His sexual demands sometimes scared her. More than once, he chained her unclothed to radiators in the flat to photograph her. ‘That might have been quite hard for the children,’ she admitted.

In 1971 she allowed herself to be dipped naked into plastic, to create a mould for a sculpture by a French artist. 

The lifesize model was bought by painter Salvador Dali for £1,000 (£13,500 today). She nursed Gainsbourg after his first heart attack in 1973, but he refused to moderate his drinking or 100-a-day cigarette habit. 

And though the Bohemian romance of his escapades enthralled her, Birkin was drained by his melancholy moods and angry outbursts.

He revelled in cruelty, once inscribing a record to her with the words, ‘Take women for what they are not and leave them for what they are.’ She refused to speak to him for days.

‘I began to change. I no longer corresponded to the ‘doll’ person that Serge wanted,’ she said.

In her 30s, she cut her hair, to Gainsbourg’s disgust. When she left him, in 1981, she felt all France was aghast at her audacity in dumping their eternal enfant terrible –— and, worse still, leaving him for another man, the director Jacques Doillon.

Gainsbourg took his revenge by getting together with the actress Bambou (Caroline von Paulus), and having a son with her.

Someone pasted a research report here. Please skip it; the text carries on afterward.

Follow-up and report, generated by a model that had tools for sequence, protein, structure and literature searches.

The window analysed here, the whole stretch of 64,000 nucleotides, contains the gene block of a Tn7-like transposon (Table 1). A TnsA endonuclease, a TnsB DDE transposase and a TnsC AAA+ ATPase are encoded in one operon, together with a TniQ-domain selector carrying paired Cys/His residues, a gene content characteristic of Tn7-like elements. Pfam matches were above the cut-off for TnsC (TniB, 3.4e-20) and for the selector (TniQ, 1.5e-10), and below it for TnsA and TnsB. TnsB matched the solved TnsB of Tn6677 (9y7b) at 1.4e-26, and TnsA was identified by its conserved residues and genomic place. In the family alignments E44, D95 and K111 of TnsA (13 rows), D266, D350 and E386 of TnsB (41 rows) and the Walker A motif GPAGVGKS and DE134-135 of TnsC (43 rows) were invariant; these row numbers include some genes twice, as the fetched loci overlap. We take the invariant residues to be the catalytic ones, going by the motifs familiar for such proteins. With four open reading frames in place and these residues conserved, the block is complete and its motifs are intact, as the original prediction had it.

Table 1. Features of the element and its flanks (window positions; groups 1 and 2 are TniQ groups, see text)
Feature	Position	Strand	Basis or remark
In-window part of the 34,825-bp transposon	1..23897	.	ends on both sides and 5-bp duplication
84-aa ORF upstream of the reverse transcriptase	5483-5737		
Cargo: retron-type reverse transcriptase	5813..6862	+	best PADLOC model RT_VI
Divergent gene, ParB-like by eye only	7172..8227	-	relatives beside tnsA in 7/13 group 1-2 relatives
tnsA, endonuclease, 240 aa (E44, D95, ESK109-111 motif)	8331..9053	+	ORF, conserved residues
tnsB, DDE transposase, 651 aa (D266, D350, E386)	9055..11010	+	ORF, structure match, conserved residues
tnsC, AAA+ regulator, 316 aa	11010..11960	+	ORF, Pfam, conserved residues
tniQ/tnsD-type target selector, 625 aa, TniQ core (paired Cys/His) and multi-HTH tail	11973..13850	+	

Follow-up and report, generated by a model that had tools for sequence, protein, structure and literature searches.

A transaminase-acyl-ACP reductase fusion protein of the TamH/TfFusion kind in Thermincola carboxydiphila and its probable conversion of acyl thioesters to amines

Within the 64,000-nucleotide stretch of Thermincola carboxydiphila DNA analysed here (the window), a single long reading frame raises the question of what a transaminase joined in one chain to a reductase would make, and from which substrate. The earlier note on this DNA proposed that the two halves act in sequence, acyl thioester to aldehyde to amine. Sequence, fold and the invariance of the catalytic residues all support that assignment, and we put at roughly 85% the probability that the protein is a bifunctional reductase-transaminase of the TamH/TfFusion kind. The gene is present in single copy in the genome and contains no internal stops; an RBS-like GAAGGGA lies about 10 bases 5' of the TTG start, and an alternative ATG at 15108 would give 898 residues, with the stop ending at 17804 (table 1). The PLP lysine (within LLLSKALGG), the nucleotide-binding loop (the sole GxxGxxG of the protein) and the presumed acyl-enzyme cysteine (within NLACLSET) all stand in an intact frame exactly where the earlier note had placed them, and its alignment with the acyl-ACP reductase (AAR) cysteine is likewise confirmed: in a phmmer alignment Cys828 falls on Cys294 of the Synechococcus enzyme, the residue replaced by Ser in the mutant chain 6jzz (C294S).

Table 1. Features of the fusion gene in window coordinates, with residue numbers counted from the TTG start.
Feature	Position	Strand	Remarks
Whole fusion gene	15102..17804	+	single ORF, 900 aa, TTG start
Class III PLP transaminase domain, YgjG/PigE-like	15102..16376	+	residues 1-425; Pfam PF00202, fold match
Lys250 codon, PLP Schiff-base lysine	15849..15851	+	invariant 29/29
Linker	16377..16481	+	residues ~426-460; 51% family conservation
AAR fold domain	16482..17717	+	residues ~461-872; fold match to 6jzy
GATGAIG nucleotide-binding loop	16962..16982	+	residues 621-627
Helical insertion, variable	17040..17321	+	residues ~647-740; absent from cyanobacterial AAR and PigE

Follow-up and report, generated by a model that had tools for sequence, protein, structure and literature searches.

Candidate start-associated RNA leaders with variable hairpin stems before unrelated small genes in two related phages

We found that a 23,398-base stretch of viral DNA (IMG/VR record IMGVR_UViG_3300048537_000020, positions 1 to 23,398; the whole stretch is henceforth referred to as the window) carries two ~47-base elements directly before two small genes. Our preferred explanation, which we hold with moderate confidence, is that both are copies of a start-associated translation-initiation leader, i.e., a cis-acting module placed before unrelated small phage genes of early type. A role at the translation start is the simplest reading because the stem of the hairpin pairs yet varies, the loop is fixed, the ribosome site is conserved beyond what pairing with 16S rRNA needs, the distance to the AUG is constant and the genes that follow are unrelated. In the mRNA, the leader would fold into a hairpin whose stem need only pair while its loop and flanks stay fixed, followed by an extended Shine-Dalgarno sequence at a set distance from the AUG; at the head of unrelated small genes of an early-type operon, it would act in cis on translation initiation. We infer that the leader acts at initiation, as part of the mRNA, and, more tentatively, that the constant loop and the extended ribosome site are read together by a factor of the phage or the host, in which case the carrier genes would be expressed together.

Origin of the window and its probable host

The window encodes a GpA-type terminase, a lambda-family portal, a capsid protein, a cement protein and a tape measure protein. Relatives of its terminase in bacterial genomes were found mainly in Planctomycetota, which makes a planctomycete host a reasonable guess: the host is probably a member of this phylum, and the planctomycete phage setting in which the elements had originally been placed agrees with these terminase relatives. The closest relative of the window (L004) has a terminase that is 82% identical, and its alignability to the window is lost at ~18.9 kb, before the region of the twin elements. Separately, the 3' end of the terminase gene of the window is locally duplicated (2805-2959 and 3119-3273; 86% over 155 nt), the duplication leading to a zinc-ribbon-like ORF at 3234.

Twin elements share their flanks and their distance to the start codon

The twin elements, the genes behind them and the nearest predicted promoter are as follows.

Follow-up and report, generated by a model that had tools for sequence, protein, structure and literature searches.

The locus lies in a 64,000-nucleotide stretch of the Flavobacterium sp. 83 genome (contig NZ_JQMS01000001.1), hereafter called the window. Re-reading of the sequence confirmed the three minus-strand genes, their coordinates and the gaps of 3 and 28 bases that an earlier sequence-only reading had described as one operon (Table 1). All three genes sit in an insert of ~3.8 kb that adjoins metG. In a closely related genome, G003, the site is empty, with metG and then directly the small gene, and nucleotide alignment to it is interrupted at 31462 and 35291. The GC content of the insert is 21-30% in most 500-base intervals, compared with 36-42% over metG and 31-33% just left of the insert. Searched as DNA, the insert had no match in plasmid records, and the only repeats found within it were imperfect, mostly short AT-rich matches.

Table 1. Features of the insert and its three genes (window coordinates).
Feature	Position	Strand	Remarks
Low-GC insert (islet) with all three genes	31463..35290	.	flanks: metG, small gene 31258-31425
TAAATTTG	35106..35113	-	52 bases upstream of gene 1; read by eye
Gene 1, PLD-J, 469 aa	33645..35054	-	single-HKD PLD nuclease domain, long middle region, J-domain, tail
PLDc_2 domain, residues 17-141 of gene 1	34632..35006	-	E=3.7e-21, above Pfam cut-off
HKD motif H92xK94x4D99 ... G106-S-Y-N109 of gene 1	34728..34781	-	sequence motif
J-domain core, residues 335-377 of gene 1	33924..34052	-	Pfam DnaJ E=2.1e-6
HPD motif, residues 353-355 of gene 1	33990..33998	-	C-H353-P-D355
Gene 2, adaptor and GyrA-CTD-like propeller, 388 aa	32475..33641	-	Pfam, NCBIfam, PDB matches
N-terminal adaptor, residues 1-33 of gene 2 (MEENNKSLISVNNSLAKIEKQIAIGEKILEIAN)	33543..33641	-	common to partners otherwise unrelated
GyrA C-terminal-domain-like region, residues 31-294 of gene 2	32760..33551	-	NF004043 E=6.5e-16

He also recorded a duet called Lemon Incest with his teenage daughter Charlotte, releasing a disturbingly suggestive video with the song that appalled even his most supportive French fans.

As Gainsbourg’s public image disintegrated in a series of drunken chatshow appearances, Birkin remained a vocal supporter and part-time carer.

‘We sat on benches and nattered. I took care of him, so he wouldn’t go back to his cold house. In the end, we were like old friends. I loved being his confidante, that suited me fine.’

When he died aged 62 in 1991, wracked by cancer, cardiac disease and liver damage, she was bereft.

Reflecting the childlike elements to their love affair, she placed her favourite stuffed toy in his coffin — a doll called Munkey that had gone everywhere with her since she was a small girl.

It had a special significance: Gainsbourg once photographed Birkin topless, hugging the toy to protect her modesty, for the cover of album Histoire de Melody Nelson. For more than two decades, she performed and recorded his songs.

She also continued to act. Though her early roles after moving to Paris were in sex comedies, she went on to appear in the Agatha Christie adaptations Death On The Nile and Evil Under The Sun with Peter Ustinov, and in 1990 starred opposite Dirk Bogarde in These Foolish Things.

In Don Juan in 1973, she filmed a naked bedroom scene with Brigitte Bardot, directed by Bardot’s husband Roger Vadim.

‘Bardot was extremely generous to me, which can’t have been easy in view of our shared interest in Serge,’ she recalled.